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Equinox’s approach to priming models

If I had to rank in order of least favorite to most with regards to the steps that take a model from the blister to painted on the table, I would place priming models just above the bottom of the list. (The bottom is cleaning flash and mold lines.) I wouldn’t hate it so much if there wasn’t the risk of the primer doing something bad and messing up the model. There are many factors that can cause primer to go bad, so I thought I would talk about how I approach the process.

Three Factors

There are three factors that I believe play a direct role in whether a primer will go bad. The first of these factors is the brand of primer. There are many different brands, and while I have not tried them all, I still found the older version of GW’s primer to be the best brand. It rarely flaked when used properly and didn’t require more than one application before prepping (more on prepping below). Sadly, GW decided to change the formula of their primer. The new primer feels like chalk and tends to dry like it. It seems to flake, even with proper application, and doesn’t dry consistent. I’ve heard that GW has recently changed the formula again, but I haven’t tested it. (Maybe something for a future blog.)

The second factor important to priming in my experience is the storage of the primer. I always store my primer inside the house, normally in a closest. What I have found is that if the can gets to hot or cold, the primer doesn’t cover well. The interesting thing is that the outside temperature doesn’t seem to be as important as the actual temp of the primer. I’ve primed on cold and hot days, and while still observing factor three, I have not had any issues with priming models.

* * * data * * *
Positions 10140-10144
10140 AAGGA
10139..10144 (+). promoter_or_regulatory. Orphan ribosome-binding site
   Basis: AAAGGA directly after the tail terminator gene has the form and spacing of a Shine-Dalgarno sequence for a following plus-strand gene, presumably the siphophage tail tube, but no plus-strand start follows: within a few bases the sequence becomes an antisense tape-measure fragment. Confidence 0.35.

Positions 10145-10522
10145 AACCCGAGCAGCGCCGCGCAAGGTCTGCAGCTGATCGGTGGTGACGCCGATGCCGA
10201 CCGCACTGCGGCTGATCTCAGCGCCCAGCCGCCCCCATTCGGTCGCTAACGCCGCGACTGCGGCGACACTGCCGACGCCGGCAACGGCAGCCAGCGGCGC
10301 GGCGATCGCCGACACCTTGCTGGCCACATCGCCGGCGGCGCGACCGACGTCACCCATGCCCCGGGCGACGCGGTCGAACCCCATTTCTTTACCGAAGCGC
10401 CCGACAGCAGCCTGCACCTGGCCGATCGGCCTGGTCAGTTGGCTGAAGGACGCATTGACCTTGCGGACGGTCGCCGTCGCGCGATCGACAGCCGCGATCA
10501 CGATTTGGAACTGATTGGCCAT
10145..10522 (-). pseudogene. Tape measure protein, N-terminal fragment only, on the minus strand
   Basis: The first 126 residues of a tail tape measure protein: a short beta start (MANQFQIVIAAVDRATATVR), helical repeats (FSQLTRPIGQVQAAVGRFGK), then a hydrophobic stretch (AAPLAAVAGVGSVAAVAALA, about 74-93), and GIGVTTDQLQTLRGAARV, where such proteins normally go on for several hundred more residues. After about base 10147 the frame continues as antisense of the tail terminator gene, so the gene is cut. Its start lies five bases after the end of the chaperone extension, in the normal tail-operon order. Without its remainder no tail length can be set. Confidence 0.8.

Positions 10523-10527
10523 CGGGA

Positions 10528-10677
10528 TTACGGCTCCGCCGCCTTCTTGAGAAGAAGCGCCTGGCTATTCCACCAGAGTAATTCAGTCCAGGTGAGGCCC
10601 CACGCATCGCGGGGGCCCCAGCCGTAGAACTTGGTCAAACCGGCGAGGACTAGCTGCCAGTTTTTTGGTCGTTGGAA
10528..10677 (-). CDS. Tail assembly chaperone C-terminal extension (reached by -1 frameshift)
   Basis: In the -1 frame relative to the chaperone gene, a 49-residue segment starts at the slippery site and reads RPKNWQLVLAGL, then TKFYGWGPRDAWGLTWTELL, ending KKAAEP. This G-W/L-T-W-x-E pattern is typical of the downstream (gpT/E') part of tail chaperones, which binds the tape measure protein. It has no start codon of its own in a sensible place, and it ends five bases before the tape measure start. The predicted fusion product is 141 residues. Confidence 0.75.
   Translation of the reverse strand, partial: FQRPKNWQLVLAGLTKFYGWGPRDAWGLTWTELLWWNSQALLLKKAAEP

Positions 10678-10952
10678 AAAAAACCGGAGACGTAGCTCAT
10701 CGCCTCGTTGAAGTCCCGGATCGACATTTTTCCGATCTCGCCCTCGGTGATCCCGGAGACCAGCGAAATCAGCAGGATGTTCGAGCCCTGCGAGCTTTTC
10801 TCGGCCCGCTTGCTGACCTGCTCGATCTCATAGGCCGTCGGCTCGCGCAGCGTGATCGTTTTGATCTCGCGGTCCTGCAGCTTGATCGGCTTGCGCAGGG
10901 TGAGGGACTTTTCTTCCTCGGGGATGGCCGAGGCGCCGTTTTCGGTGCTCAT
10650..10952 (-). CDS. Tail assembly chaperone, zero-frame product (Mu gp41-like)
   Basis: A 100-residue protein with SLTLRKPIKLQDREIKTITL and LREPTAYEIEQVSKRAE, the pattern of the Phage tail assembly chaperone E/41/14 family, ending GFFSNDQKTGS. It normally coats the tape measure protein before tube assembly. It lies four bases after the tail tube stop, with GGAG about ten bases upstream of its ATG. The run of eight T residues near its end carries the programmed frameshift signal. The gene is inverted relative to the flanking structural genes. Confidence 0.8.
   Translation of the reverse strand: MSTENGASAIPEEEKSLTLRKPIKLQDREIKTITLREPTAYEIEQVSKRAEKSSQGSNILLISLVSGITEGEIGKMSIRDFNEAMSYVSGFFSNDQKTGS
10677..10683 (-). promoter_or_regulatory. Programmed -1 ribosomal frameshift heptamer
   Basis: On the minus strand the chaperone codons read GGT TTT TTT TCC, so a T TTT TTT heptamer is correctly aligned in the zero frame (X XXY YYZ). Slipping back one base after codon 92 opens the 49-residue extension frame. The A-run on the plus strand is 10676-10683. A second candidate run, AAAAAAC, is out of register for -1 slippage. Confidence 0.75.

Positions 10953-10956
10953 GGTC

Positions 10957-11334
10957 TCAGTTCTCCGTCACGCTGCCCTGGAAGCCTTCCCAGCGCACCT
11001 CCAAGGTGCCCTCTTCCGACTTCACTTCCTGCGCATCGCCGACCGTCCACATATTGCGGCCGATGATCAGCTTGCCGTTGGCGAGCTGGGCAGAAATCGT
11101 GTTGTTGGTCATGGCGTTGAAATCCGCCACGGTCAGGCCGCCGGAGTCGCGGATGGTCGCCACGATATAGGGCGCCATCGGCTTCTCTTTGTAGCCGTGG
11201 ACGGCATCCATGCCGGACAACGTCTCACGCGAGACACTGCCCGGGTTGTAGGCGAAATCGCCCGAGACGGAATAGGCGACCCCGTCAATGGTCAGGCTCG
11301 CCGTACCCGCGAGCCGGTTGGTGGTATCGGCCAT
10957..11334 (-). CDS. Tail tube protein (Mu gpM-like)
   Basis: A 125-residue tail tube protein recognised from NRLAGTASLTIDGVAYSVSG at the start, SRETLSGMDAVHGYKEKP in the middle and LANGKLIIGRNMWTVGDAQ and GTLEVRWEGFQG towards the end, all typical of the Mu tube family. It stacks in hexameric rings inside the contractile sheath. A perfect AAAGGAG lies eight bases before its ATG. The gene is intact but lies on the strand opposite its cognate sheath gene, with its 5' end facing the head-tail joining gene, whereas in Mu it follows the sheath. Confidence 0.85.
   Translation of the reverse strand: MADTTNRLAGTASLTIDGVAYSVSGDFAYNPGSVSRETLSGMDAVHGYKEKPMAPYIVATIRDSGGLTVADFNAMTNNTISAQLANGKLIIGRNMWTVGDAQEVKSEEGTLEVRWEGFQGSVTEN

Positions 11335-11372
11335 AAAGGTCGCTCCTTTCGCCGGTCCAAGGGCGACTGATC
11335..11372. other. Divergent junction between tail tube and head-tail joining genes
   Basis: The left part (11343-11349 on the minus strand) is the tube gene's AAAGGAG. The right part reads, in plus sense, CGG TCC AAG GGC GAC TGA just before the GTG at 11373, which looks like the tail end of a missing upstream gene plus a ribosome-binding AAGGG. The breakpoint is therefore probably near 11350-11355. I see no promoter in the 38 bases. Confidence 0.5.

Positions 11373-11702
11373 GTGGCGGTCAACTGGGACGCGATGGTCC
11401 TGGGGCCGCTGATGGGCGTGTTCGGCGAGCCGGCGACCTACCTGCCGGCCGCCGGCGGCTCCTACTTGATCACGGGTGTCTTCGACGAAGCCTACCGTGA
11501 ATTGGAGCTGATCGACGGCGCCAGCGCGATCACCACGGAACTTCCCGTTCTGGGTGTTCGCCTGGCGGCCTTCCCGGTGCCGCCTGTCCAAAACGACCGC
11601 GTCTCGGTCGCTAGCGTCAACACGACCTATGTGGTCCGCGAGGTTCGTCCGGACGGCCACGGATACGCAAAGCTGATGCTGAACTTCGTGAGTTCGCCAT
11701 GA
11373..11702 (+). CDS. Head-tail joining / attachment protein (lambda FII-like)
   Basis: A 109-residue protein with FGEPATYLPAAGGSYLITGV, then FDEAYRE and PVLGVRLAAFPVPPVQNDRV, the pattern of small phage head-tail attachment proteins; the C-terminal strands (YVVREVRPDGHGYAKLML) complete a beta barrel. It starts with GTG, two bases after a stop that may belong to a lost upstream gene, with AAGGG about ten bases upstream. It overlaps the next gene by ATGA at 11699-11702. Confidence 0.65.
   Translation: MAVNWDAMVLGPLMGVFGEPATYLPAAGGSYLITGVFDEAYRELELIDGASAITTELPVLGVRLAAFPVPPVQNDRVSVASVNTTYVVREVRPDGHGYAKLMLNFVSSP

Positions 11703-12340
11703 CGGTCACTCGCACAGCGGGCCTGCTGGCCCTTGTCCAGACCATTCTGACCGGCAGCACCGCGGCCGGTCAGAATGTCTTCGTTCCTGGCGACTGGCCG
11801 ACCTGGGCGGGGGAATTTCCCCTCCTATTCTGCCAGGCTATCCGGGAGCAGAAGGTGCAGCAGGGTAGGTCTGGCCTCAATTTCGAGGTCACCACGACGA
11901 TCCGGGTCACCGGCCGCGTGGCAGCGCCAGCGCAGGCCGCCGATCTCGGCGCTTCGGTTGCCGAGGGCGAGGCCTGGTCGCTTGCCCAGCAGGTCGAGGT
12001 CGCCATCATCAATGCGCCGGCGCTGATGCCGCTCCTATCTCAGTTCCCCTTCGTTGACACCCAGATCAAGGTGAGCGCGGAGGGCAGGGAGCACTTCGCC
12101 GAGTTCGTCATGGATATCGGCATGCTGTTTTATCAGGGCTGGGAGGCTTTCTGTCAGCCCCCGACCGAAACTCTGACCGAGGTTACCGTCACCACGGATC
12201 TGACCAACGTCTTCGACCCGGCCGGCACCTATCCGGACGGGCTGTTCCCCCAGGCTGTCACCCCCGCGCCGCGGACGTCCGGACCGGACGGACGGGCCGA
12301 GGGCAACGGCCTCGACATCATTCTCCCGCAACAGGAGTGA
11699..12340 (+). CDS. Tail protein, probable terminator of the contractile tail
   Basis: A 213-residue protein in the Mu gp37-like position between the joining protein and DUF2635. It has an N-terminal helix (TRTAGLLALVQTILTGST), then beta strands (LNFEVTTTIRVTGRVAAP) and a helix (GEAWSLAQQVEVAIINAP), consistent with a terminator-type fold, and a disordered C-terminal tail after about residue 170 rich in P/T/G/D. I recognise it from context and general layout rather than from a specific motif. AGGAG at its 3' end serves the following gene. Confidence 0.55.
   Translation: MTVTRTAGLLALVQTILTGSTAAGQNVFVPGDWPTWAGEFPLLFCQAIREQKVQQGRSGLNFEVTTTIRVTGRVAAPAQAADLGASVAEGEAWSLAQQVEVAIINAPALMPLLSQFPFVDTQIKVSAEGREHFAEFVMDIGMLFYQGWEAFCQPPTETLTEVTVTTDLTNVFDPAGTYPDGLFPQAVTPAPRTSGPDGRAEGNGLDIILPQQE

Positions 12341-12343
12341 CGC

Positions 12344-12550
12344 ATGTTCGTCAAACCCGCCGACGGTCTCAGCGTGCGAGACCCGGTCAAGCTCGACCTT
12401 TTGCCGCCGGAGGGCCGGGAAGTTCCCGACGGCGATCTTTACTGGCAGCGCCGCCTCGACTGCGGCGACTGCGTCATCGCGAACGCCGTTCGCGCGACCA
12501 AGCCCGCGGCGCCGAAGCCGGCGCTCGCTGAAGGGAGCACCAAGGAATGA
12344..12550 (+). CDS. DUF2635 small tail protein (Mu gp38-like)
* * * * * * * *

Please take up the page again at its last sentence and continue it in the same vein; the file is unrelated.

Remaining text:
The third factor is the humidity in the air. I always avoid priming models if the Weather channel shows the humidity higher than 80%. In my experience, the moisture in the air seems to cause the dreaded flaking more often than not when the meter goes above 80%. Along these lines, I also avoid priming in direct sun or in strong winds, as I believe both can cause flaking due to uneven drying of the primer.

The Basic Process

My basic process for priming is to do the follow.
1. I clean the model, usually with some warm water and dish soap.
2. Once the model is dry, I will get the can of primer and give it a good shake for about a minute. I cannot stress enough how important it is to shake the can. (The directions on the can are not lying about doing it.)
3. Next I place the model onto a large flat surface. I usually use a piece of cardboard placed on a work bench.
4. Once the model is placed, I will give the can another quick shake and then test spray the can onto some cardboard. I’ll actually let the spray run for a few seconds to make sure it is coming out okay and to remove and bad primer that may have been caught in the nozzle.
5. With the primer tested, I then apply a slight level of coverage across the whole model. I don’t sit on any one spot for long and try to cover as much of the model in the first spraying as possible.
6. Once the first layer is applied, I will let the model sit for 15 – 30 minutes. I’ll usually check it once around 10 minutes and make sure there is no flaking. If I see any, I take rag with a little acetone and wipe the bad spot away.
7. After the first layer sets, I will rotate the model to hit the areas I couldn’t get in the first spraying. Again, I will avoid sitting on any single spot and try to keep the coverage light.
8. With the second layer applied, I will give the model another check after 10 minutes and assuming it passes the flake test, I will let it sit for a few hours or overnight.
9. Once the model has sat, I will usually brush over it with diluted primer (I like Vallejo) and let the “wash” dry before I start to paint.

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